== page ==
The proposal to reduce the level of punishment for people who use the Twin Cities light rail without paying has generated a lot of debate since it emerged.
Currently, transit fare dodgers are charged with a misdemeanor and ticketed to the tune of $180. It's often the case that a first offense is just a warning, though that's not written into state law but is rather a Metropolitan Council policy.
Under the plan proposed by DFL legislators and backed by the Metropolitan Council, the penalty for fare dodging on the light rail would be reduced to a petty misdemeanor. while the fine for first-time offenders would be reduced to $35.
The idea behind the plan is to ensure that those who don't pay their way – who are typically lower income people – aren't too punitively punished for dodging a ticket costing only a few bucks.
A petty misdemeanor won't go on their criminal records, which means it's less likely to have a knock-on effect to the individual's employment.
Currently it's a misdemeanor, and Rep. Brad Tabke (D–Shakopee), who is the lead author on the bill, points out that this puts it on a par with a DWI or a $500 property theft.
To put it in clearer context, we've compared the punishment as it currently is to the punishments levied from similar offenses, namely not paying for a parking meter, or using a MNPass (HOV) lane without a subscription, or when not carpooling.
Here's how it looks:
Transit fare evasion (currently)
Level of offense: Misdemeanor (goes on criminal record).
Fine: Varies depending on jurisdiction, but light rail fines can reach $180.
Transit fare evasion (proposed)
Level of offense: Petty misdemeanor (doesn't go on criminal record).
Fine: $35 total ($10 fine + $25 fee), rising up to $100 for subsequent offenses.
Not paying for parking meter
Level of offense: Petty misdemeanor.
Fine: $45 (in Minneapolis, varies in other cities).
Using MNPass lane driving alone/without subscription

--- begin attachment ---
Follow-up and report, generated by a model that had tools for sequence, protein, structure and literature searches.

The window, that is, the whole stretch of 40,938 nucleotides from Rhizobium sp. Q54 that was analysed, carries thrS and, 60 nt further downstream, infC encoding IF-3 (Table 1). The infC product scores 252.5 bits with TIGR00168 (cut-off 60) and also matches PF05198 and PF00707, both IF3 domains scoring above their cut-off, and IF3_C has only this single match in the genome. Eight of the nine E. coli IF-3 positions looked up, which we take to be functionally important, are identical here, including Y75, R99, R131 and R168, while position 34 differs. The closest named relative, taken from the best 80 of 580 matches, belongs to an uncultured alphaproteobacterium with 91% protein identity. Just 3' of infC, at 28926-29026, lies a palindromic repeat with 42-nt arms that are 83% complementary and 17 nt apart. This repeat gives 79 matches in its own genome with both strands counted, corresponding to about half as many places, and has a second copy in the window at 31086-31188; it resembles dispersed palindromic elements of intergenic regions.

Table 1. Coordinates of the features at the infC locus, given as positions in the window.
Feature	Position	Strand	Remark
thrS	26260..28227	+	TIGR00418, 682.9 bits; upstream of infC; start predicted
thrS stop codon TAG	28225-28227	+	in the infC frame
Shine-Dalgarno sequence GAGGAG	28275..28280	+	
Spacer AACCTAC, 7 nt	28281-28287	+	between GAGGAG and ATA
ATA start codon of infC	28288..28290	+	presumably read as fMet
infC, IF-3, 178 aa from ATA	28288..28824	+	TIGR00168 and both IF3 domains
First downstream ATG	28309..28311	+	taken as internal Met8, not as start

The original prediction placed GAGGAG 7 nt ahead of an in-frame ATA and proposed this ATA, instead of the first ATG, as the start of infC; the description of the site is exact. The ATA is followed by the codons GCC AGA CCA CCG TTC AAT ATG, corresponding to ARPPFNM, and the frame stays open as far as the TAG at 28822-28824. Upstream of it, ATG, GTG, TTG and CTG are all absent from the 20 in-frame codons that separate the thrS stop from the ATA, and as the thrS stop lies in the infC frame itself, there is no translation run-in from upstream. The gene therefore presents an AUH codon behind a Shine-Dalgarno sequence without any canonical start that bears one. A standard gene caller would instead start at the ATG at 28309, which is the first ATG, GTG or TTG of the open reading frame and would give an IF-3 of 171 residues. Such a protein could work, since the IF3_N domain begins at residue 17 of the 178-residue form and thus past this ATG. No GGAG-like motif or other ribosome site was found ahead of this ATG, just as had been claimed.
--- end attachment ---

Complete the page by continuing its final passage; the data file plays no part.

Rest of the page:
Level of offense: Petty misdemeanor
Fine: $100 plus $76 surcharge in Hennepin County. Judge can go up to $300 depending on case. Penalty varies in other counties.
Only 3 percent of fare evasion fines are paid
The changes proposed in the legislative bill would mean that fare evasion would become a petty misdemeanor throughout Minnesota, not just on Metro Transit services.
As it will still involve a fine, the new transit fare evasion bill wouldn't mean fare dodging will go unpunished, but it will provide what supporters feel is a more proportionate fine level for the crime.
It's being combined with the creation of "Transit Ambassadors," whose aim is to connect those who can't afford to pay with the relative services, as well as reduce crime on light rail trains.
Rep. Tabke points out that under the current system, only 3 percent of fare evasion fines are actually paid, and that it's putting a strain on the judicial system to pursue and prosecute offenders.
It's hoped that reducing the penalty amount and making it payable online will ensure in greater compliance and reduce administrative costs.
While fare dodging has been on the rise in recent years, evasion is still at a lower rate on transit compared to carpooling lanes, with this Star Tribune article from October revealing that one in seven users of MNPass high-occupancy vehicle (HOV) lanes during rush hour does so illegally.
Republican legislators are expected to release their own plans for improving light rail safety in this legislative session, with Rep. Jon Koznick (R-Lakeville) criticizing the DFL plan for its timeline of 2022 for its introduction.
Here's the press conference where Rep. Tabke and more revealed the legislative bill.